For as much as you have heard of and know about the importance of being in the present moment, how do you live this - in ways that are both practical and meaningful?
Begin by noticing when your thoughts have distracted you out of the present moment. It can be as simple as a gentle reminder to yourself whenever you observe that your mind is no longer focused on what you are doing and experiencing right now. Your awareness of not attending to the present is what allows you to bring your attention back to this moment - to now. As you practice the act of returning to the present moment - of dwelling on the here and now - you begin to realize just how often your attention is not with you - in this moment.
Many clients have said that they feel as though they "have no control over their mind and the thoughts that they think." As you practice self-awareness - you observe just how you can direct your mind - to focus on what you choose. You realize that you actually have control over your thoughts, it's just that you simply need to use this power and decide where you will place your attention; otherwise it will seem as though you are simply following (and reacting to) each new thought as it enters your mind.
Focusing your mind on what you choose doesn't stop the mind from churning out thoughts that are anxiety provoking, untrue, or self effacing - but what does happen once you begin to focus your mind deliberately - is the realization that you are losing precious moments of your life by not being attentive to the present (in order to experience what is happening now).
We learn how to practice awareness of the present moment so that we can enjoy the moments of our life fully; so that we can be attentive and aware of our thoughts and feelings as they are happening; and so that we are more easily able to discern what we need at any given moment (which then means we can be self-nurturing - e.g. giving to our self what we truly need).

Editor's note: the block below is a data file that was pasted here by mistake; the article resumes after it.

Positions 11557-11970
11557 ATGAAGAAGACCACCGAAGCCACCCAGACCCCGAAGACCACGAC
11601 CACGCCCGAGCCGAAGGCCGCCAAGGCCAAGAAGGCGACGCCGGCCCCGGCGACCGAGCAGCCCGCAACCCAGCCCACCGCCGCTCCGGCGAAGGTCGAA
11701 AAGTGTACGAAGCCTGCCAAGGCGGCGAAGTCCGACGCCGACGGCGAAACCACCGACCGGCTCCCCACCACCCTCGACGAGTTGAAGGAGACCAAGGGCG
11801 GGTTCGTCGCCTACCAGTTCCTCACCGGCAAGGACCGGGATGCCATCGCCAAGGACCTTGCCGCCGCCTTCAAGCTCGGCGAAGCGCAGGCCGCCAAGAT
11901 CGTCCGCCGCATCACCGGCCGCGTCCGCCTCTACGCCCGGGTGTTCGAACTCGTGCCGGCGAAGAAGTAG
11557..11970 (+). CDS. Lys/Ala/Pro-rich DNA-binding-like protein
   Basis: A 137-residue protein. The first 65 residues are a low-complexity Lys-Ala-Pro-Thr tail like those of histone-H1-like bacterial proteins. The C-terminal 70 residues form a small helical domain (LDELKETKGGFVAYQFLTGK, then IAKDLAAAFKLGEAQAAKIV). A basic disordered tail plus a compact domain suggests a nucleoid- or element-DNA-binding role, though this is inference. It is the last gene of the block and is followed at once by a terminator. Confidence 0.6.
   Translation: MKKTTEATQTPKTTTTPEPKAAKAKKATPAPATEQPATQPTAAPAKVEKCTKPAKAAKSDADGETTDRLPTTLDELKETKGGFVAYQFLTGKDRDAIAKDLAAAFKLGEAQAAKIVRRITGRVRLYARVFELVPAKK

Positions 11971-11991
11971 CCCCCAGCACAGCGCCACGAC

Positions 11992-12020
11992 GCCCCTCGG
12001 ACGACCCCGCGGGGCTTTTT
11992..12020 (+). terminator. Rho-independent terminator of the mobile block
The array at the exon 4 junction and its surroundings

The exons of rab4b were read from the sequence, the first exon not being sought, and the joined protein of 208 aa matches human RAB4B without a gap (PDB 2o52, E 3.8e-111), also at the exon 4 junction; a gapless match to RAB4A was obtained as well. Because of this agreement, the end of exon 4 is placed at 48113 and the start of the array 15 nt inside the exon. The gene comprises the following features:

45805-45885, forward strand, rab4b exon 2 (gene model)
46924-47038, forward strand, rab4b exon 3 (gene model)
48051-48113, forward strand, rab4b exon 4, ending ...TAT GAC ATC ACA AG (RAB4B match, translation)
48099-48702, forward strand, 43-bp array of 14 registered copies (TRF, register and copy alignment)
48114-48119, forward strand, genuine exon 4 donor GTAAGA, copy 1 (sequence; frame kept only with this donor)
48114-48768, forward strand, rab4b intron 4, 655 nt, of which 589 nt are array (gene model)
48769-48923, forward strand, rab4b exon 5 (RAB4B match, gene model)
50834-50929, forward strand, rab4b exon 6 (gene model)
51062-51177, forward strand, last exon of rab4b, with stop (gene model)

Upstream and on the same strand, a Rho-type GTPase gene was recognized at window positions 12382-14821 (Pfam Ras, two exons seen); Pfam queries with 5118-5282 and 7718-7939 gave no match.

Whenever you notice that your mind has moved away from the presence of this moment, simply call it back. Use your next inhalation breath, as the gentle means by which you draw attention back to this moment.
Make it your personal challenge to notice; to catch yourself each time that you become distracted or focused on another thought whilst you are in the middle of doing something in this moment. Instead, enjoy moments of simply being - where you hold your attention for 1 minute or longer on a point of focus - very deliberately. Observe a practice of mindfulness or focused attention by first noticing just how often the mind is distracted with many thoughts and how we subconsciously "allow" our self to follow the mind - to experience extended moments of time caught up in our thinking and not attending to the beauty and wonder of our life in this moment.
We also use distraction as a way of soothing our self. When you reach for something that you believe will help you to feel better, simply notice this. Be attentive to how you are feeling and ask yourself, "What do I really need in this moment?" You may also want to ask, "How do I want to feel? and "What will truly help me to feel this?" This is a much healthier approach to attend to your needs and to understanding your patterns of thinking and behaving which are often unconscious and automatic.